BlackBerry Curve 9220 Review
RIM has been in the limelight due to their struggle to get compelling products out of the door in the recent years. While they lack anything particularly interesting in the high end segment , the Curve series of devices have been doing exceptionally well in developing markets like India and South East Asia.
The legendary Curve 8520 which still sells well in India has been long due for an update. Right on cue comes the Curve 9220. Faster , better built and bringing in a bunch of new features , the 9220 improves on the formula instead of being a huge departure from the mantra which made the 8520 a success.
Here’s a quick unboxing of the BlackBerry Curve 9220 to get a better look at the in-box contents.
The Curve 9220 follows the same layout as its predecessor ie the 8520. A 2.44″ QVGA display is placed above a row of shortcut keys and the optical trackpad. A three row QWERTY keyboard can be found with an additional row of shortcut keys below it. The phone reeks of plastic even though the quality has improved quite a bit over its predecessor. The phone feels solid in use but we would recommend treating it a bit gently keeping in mind the all plastic build of the device.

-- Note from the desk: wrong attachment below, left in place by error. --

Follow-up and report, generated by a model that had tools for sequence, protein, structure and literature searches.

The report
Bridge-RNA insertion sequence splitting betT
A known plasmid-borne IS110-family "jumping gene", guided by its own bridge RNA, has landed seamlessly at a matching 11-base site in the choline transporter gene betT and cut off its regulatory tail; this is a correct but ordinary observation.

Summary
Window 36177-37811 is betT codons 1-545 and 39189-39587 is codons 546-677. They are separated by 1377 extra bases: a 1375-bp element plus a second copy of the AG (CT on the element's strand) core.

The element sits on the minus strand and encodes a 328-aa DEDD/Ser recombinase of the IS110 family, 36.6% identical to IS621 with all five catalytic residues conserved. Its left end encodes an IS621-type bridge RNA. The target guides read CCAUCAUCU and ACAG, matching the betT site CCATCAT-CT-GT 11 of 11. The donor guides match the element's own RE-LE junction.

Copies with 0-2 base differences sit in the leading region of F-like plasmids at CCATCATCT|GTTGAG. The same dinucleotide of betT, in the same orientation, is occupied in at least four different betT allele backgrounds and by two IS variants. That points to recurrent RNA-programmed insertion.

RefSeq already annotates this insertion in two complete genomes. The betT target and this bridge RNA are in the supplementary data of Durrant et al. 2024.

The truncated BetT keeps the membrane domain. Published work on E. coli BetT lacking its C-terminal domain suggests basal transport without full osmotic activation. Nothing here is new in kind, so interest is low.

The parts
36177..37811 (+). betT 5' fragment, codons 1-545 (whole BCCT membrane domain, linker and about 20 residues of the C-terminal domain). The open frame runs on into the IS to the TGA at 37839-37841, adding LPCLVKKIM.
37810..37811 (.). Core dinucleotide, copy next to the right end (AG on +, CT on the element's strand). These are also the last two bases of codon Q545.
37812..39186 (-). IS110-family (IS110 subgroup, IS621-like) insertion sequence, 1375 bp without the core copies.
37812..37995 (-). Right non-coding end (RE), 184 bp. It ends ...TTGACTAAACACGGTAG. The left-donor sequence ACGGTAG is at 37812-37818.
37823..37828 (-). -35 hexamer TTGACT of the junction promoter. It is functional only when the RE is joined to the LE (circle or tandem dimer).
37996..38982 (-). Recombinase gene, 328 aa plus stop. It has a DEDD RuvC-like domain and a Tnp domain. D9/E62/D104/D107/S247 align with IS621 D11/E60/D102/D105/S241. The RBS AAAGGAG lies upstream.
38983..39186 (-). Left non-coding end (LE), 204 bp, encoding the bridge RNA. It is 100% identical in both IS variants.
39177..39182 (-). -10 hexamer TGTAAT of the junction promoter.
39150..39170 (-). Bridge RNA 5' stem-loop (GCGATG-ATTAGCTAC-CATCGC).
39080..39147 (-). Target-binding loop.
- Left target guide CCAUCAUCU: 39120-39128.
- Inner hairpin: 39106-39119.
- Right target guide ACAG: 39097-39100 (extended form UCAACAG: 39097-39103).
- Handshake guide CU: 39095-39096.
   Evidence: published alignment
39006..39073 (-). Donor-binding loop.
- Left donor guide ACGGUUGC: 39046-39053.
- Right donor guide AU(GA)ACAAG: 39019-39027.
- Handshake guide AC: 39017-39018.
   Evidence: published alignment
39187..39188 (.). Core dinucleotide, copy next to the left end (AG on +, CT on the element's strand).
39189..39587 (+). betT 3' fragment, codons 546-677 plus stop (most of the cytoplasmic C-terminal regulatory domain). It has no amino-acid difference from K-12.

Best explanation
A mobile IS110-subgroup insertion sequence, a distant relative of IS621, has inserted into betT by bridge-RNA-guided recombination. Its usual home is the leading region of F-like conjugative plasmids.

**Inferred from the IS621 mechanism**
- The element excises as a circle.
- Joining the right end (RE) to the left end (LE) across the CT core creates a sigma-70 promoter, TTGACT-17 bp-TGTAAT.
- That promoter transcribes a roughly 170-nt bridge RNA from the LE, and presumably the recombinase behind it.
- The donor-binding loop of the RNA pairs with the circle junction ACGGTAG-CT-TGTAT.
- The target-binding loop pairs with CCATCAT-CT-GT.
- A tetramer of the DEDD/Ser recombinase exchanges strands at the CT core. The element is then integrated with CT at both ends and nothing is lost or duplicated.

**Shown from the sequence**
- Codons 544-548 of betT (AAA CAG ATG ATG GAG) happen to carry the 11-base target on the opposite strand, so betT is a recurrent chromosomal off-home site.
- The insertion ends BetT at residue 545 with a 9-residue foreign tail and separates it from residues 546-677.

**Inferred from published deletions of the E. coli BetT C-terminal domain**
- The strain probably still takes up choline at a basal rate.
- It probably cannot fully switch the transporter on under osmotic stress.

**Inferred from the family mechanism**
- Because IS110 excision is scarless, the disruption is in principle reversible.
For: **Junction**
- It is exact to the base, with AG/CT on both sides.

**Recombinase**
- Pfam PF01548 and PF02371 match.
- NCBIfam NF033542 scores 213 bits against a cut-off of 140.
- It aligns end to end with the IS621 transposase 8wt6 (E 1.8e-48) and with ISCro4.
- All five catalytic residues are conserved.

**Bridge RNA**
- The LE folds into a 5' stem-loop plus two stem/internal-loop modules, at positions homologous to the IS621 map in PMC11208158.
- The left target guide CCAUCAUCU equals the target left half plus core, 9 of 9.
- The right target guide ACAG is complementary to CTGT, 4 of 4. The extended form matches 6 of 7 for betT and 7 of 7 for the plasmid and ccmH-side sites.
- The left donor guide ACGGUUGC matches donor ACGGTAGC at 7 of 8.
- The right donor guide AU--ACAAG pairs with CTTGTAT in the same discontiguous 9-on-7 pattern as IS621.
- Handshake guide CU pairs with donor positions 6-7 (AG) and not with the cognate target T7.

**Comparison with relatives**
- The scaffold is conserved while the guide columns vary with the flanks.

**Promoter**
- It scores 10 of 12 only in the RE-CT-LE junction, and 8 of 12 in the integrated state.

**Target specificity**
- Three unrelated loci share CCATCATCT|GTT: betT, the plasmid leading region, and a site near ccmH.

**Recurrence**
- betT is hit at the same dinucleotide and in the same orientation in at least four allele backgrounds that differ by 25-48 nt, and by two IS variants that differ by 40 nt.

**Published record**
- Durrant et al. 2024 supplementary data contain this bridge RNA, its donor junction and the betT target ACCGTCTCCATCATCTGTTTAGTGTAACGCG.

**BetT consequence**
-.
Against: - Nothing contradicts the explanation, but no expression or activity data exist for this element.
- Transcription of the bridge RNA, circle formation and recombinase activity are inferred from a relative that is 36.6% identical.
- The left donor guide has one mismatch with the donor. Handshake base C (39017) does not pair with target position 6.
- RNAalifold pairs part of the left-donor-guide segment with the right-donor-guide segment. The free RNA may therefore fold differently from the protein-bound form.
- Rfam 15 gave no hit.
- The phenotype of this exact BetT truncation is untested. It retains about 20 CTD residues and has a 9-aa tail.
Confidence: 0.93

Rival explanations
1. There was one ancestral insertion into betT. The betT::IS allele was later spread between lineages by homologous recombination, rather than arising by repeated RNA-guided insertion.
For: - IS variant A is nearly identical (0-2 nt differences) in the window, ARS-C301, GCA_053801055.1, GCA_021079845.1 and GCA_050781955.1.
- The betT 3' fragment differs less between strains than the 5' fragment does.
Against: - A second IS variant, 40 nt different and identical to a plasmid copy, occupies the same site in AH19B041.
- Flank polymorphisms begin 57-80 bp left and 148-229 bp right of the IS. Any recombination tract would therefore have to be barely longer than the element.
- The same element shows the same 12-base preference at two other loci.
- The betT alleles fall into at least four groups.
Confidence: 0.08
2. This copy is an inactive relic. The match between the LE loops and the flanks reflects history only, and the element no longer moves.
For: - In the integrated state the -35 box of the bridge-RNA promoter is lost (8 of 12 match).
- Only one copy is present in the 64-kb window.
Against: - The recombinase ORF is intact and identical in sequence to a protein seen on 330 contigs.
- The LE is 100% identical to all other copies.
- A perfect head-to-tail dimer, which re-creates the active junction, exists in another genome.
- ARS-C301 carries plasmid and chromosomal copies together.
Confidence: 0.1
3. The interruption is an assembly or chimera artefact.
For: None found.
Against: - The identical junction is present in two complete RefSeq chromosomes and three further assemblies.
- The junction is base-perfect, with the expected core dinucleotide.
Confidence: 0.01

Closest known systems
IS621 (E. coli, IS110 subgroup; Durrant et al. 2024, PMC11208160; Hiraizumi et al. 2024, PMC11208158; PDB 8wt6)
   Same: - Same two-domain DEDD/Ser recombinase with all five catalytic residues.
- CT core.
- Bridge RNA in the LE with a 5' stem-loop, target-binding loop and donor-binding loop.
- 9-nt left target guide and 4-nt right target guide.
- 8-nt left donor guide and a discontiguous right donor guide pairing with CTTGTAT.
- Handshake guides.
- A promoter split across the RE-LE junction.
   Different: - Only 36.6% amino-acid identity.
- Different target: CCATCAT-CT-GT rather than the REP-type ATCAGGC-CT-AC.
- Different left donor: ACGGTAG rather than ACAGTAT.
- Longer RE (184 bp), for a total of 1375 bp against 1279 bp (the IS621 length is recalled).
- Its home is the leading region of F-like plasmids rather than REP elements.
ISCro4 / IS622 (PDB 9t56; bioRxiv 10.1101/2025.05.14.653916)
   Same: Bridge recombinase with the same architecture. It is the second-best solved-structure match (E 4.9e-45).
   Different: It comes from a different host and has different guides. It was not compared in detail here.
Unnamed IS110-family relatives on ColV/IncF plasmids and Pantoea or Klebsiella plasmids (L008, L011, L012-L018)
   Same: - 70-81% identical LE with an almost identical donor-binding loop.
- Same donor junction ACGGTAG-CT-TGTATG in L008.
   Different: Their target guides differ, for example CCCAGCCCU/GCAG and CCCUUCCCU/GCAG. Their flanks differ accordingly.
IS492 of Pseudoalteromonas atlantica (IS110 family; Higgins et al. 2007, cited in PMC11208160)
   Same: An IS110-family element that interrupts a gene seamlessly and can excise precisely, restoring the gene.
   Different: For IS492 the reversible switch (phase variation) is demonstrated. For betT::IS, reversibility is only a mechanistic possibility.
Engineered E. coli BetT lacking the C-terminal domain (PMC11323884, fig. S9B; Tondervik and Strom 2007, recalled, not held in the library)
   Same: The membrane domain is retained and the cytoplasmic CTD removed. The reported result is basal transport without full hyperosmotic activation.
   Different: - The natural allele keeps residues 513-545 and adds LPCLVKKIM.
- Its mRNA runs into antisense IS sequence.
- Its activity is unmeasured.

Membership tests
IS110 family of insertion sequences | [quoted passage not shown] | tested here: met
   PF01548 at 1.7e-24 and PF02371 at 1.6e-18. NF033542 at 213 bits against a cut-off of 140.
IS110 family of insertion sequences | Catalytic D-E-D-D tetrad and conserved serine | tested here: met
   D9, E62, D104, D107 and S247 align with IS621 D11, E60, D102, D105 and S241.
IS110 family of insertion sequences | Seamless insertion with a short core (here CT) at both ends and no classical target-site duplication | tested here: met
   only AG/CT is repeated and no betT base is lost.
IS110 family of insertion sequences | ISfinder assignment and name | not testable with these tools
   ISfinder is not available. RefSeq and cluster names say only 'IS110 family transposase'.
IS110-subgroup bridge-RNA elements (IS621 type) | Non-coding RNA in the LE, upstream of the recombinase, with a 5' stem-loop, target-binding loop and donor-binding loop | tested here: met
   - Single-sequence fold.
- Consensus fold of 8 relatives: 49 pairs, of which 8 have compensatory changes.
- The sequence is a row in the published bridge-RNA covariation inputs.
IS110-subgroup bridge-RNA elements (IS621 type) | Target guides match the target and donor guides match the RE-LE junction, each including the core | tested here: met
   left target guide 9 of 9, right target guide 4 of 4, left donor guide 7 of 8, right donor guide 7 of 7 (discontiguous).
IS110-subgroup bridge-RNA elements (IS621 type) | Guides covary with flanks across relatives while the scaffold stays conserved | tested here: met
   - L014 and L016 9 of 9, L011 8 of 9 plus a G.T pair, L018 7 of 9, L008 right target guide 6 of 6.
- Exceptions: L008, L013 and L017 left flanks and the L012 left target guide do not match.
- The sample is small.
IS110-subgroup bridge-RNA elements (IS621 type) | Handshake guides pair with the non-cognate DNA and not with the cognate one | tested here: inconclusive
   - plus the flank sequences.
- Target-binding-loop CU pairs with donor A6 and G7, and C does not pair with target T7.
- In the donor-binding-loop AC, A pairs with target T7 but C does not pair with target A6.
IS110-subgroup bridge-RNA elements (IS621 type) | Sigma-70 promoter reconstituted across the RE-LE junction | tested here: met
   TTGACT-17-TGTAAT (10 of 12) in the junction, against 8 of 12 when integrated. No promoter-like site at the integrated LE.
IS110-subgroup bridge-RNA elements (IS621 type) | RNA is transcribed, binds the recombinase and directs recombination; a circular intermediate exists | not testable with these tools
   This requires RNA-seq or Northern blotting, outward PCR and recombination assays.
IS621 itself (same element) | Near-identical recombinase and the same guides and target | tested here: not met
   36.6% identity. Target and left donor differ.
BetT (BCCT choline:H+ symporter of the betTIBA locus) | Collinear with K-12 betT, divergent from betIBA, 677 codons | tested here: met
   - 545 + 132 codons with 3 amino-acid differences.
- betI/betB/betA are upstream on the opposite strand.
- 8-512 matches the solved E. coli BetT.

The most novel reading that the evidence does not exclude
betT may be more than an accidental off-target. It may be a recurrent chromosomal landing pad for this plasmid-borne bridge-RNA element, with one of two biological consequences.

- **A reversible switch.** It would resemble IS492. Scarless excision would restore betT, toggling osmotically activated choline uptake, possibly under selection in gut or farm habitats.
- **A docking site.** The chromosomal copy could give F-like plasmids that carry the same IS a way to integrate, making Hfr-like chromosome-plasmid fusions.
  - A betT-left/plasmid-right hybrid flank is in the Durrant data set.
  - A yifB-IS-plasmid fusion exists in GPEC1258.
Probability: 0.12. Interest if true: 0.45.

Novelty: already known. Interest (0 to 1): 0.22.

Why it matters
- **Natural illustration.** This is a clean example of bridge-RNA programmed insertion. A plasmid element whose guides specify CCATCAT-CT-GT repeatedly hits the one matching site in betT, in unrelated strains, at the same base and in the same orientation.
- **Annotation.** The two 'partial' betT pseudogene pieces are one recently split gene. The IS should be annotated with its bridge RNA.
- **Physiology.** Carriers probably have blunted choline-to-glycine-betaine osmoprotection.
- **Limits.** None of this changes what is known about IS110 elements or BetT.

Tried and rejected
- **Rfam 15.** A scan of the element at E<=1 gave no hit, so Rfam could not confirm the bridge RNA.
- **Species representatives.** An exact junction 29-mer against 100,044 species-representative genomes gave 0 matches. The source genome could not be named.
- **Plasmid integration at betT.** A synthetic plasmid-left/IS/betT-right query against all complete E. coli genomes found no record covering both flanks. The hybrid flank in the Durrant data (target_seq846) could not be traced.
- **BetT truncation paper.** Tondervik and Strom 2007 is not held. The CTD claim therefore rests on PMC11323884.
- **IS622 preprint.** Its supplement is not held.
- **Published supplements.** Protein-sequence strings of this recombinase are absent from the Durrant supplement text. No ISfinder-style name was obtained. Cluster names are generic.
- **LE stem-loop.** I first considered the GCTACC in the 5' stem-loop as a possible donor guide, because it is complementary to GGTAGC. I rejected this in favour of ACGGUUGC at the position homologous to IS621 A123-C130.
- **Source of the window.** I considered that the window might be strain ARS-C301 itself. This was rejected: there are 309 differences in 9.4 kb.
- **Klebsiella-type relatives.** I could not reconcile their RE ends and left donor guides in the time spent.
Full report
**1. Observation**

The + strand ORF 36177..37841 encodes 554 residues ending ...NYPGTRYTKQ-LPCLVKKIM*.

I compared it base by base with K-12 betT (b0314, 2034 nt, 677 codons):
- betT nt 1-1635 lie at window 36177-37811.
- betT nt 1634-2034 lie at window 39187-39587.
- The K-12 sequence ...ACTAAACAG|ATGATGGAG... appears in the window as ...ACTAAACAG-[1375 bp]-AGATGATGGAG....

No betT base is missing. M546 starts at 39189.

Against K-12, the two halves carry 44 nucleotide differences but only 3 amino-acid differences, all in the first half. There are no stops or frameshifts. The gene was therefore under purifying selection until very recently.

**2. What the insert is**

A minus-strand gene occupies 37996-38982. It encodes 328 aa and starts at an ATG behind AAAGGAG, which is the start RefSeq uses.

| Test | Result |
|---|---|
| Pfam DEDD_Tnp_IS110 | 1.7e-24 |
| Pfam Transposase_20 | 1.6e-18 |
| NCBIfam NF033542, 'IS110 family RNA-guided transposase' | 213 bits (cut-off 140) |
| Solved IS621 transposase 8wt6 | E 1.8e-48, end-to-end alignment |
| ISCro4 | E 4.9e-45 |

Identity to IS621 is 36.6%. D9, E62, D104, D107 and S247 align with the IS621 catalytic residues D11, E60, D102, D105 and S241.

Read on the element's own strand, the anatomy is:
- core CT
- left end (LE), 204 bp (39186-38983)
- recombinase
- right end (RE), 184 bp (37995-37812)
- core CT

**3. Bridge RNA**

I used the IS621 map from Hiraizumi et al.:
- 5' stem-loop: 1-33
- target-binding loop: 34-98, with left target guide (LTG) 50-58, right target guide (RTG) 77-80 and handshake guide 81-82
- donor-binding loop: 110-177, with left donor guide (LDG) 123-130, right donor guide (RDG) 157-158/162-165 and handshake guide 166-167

The right side of the phone includes dedicated volume keys and a camera key as well. The camera key launches the camera interface but will unfortunately do so ONLY when the phone has been unlocked. We would have highly appreciated it if the camera could be launched straight from the locked state as well.
The left of the phone includes a microUSB slot and more interestingly a dedicated BBM key. The key launches BlackBerry Messenger directly but like the camera key , can be used only after unlocking the device. This reduces the functionality of a dedicated hot key a bit in our opinion. This quick launch key can be configured to launch any other app from the settings menu. The sides of the phone alongside the camera unit are encased in a rubberized material which helps to increase the grip on the device which is otherwise poor due to the extremely slick back cover.
Something which the 8520 users will definitely miss on upgrading to the 9220 are the quick access media keys. The top of the phone now only includes a single power / lock key and a 3.5mm audio jack. The BlackBerry Curve 9220 is the first BlackBerry device to come with integrated FM Radio. As expected , the earphones will double up as an antenna for the radio.
The back cover of the phone is made of very flimsy plastic which very easily flexes over. Swapping a SIM card or memory card involves removal of the battery cover and given how easily the plastic back flexes , we would refrain from opening it too many times ! There is no latch here and the battery cover has to be pried off.